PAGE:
began to worry that a nun would swoop down to scold her for
dropping out of parochial school after the fifth grade, as if every
sister in the area had gotten the guilty news. She gazed at the

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sweeping staircase on the other side of the grill. When the place
was a rich mans country retreat, those stairs had felt the pumps
of satin-gowned debutantes skipping down to meet their beaus,
she thought idly.
More time passed. The silence felt eerie and alien. The Carmelite order is unworldly, devoted solely to the rule of prayer
and toil. Mare had found a YouTube video about it. The nuns in
the video smiled a lot. They greeted the interviewer from behind
a metal screen like the one Mare was sitting at. The brash interviewer asked, How long have you been behind bars? The nuns
laughed. As far as they were concerned, they were living on the
right side of the bars.
Mare glanced at her watch. She had been there less than five
minutes. Lets get this over with, she thought. It was sad, but trying
to recapture Meg as she once was seemed pointless.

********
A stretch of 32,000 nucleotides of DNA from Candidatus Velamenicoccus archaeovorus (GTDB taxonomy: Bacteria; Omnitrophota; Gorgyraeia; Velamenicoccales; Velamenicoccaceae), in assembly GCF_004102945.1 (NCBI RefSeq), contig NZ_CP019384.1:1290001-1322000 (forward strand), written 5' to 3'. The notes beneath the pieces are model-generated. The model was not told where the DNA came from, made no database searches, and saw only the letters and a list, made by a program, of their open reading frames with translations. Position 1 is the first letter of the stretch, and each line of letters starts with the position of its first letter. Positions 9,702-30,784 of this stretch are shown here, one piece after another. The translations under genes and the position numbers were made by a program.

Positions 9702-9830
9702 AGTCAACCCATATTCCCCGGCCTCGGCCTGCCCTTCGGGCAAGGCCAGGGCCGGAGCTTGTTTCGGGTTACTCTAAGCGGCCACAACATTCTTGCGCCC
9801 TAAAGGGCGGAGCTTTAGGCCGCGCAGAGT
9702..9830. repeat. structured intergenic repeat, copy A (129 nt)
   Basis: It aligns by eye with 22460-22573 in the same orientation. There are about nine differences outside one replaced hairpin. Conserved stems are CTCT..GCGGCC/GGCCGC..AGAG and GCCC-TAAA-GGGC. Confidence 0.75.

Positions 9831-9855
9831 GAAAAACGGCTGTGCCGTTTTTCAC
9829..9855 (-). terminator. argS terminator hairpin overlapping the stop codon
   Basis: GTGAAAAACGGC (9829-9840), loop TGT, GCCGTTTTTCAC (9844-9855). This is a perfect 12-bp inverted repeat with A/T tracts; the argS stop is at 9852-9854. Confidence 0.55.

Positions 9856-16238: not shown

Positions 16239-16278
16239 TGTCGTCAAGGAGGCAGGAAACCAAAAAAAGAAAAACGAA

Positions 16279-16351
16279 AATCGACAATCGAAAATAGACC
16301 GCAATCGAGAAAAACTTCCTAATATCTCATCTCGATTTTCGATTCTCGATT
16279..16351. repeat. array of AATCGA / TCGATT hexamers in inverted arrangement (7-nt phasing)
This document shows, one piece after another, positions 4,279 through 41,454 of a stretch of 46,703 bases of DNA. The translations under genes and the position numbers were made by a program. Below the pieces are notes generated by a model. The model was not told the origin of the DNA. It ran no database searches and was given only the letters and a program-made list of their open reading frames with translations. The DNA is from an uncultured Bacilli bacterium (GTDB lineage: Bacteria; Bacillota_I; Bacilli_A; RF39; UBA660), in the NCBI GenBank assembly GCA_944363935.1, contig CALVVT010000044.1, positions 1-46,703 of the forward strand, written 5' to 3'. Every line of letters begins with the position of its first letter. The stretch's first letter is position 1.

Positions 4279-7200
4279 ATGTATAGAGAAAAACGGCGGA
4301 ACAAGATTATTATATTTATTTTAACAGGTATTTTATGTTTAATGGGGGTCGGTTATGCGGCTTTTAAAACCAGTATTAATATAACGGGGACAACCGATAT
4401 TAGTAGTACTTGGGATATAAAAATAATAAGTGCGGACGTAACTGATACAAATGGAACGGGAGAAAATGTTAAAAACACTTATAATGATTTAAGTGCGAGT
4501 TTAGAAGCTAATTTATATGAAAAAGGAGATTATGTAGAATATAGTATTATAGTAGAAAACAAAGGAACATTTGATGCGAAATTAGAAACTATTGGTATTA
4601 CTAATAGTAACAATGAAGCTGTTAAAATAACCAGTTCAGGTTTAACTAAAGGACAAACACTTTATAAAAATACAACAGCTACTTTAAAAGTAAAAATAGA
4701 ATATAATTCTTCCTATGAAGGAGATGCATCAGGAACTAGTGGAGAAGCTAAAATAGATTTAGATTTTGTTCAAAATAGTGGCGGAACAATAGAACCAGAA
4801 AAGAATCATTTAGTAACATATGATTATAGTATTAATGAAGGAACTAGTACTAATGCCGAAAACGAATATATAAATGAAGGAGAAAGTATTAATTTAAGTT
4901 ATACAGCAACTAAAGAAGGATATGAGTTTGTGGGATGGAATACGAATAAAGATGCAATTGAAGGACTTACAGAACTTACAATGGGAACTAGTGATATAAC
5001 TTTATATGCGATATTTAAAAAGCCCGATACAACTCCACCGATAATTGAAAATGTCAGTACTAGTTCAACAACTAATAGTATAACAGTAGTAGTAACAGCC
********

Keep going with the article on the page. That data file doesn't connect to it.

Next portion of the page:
At last there was a soft tapping sound as a nun came downstairs
slowly, not swoopingand moved toward the visitor across a
wide expanse of marble floor. She couldnt have been more than
twenty. Mare had read that convents were having a hard time
finding new members and were steadily growing older. Death
was thinning the ranks.
Sorry to keep you waiting, the young nun apologized with
a shy smile. She didnt seem like the scolding type. She smelled
faintly of laundry soap and Clorox. Her small hands were scrubbed
red and raw; she hid them inside the sleeves of her habit when
Mare noticed them. Mare resisted the impulse to cross herself.
Ive come about Sister Margaret Thomas, she said. Her
nerves made her speak too loudly, creating an echo in the big
empty space.
Ah, said the young nun, who looked Hispanic and spoke
with an accent. She had stopped smiling.
Im her niece, Mare added.
I see.

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The sister averted her eyes. Her face, encircled by a brown and